It seems that executives are not convinced that internal audits have the level of impact that regulators and lawmakers hoped. A 2016 Deloitte Survey of Chief Audit Executives reported that only 28% of executives perceive that their audit functions greatly impact the organization. About 16% of executives opined that the internal audit had little or no influence on improving corporate governance.

Making the Internal Audit Work Effectively

After management control, the second and third lines of defense are risk management and independent assurance. An independent internal audit supports risk management. Having synergy between the two makes each of them stronger than if they worked separately. The synergy between them is a key component of good corporate governance.

While synergy of the second and third defenses are critical to effective governance, boards face a distinct challenge in keeping them synergized. As organizations grow and develop, how will these two functions change? Will they change at the same rates and in the right ways to keep them working together effectively?

IT departments are starting to play a role in increasing effectiveness for both lines of defense. The General Data Protection Directive (GDPR) already requires all financial services firms to employ a team of individuals that have expertise in risk and internal auditing as they pertain to operations and IT risks and controls. The role of IT will need to adapt and change along with organizational growth and development.

Three Issues Drive Risk Management and Internal Audit Effectiveness

Managers and board directors will need to work together to evaluate the impact of the internal audit process. The key areas they will need to look at are the reform of risk governance, the impact of continuing regulatory reform and the evolution of new business models.

The intent of risk reform is to improve the institutional framework. Board directors and managers will need to continually assess its impact on the internal audit to make sure that the audit reflects pertinent data. We are only on the cusp of reform, which will take several more years, at a minimum. Along the way, board directors will need to be cautious about the risk of corrupting the three lines of defense model.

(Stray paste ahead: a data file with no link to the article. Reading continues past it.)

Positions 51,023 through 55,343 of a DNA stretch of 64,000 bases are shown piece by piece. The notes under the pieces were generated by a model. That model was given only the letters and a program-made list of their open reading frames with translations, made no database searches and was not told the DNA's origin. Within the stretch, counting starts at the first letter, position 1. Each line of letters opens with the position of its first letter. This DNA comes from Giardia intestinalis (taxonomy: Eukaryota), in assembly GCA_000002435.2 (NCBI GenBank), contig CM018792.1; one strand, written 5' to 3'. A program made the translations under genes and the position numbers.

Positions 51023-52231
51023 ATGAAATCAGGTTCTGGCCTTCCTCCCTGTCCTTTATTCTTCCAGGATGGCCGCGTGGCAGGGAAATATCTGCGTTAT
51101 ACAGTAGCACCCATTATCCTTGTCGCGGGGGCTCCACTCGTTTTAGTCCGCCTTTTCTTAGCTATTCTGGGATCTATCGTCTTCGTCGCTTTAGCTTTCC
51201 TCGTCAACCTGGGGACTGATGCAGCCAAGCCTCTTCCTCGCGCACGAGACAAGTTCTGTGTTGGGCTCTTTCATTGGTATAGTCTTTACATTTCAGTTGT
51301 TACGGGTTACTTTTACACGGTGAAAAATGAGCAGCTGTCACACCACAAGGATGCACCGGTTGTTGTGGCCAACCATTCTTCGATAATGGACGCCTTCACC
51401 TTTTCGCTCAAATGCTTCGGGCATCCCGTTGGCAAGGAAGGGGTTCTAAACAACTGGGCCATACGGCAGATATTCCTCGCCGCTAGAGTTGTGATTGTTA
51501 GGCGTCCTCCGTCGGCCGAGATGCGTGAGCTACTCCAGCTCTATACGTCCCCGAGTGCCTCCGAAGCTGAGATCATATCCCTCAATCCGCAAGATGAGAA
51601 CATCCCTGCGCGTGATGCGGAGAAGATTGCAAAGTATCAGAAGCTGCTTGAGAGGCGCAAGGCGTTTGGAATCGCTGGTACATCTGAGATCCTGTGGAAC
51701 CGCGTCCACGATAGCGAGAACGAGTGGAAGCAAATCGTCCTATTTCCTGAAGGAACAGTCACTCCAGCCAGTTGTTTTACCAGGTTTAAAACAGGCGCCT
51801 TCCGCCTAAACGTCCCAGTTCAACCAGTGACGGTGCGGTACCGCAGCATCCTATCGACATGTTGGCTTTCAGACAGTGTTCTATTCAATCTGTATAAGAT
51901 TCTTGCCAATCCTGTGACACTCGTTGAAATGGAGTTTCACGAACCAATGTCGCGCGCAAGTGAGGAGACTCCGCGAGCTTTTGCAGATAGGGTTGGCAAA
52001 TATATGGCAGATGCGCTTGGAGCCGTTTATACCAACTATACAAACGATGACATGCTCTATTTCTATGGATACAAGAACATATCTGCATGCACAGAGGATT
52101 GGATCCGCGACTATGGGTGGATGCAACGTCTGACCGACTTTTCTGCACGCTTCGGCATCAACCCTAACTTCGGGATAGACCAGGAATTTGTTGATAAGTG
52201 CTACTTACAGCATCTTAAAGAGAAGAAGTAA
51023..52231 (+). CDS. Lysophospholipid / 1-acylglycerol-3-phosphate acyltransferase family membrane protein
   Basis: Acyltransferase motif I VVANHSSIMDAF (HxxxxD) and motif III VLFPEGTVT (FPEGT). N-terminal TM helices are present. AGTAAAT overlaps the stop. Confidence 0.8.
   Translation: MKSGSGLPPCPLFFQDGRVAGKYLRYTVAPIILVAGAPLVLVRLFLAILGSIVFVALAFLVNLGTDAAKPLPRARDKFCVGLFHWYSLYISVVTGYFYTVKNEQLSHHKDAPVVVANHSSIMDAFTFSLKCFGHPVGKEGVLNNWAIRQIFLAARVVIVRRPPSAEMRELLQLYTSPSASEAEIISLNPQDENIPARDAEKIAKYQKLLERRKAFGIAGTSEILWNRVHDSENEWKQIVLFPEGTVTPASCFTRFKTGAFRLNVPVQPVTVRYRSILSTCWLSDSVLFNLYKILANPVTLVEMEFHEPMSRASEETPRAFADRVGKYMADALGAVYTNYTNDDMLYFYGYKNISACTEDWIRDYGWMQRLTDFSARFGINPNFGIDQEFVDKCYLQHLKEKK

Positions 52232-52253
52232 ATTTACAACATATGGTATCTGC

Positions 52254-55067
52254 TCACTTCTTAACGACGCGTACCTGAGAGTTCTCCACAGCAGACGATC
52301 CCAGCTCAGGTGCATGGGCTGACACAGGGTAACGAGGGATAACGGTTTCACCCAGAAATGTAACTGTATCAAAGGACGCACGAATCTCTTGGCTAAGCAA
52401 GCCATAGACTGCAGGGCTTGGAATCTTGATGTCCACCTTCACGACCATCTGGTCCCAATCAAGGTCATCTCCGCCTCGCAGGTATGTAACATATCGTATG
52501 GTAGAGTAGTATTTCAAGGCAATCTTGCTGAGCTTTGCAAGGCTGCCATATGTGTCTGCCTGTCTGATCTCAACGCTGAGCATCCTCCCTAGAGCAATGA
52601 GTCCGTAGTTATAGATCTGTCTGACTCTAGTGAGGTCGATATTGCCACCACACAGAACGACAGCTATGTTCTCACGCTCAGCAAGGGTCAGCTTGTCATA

Regulatory reform will be ongoing for some time, which means that there will be continued emphasis on the effectiveness of ratios, governance, systems and controls. Reform will also continue to focus on independence and vigilance. In addition, conduct and culture will continue to be notable factors in regulatory reform.

Business models will continue to evolve as regulatory reform changes. What won’t change is that shareholders will continue to press for returns that are acceptable and sustainable, while meeting or exceeding supervisory and compliance requirements.

Board directors will need to work intrinsically with senior managers as they assign specific roles and coordinate functions for risk management and the internal audit to alleviate unnecessary gaps and overlaps.

Fluid Changes Require Board Members to Take a Flexible Approach to Internal Audits

The financial markets are seeing more change than they’ve seen in past decades. Board directors are aware that more is to come. They also know that to sustain quality corporate governance, they will need to approach it cautiously and comprehensively so that they can continue to identify threats and control internal weaknesses. Hopefully, in the future, new and enhanced business models will develop to set improved standards.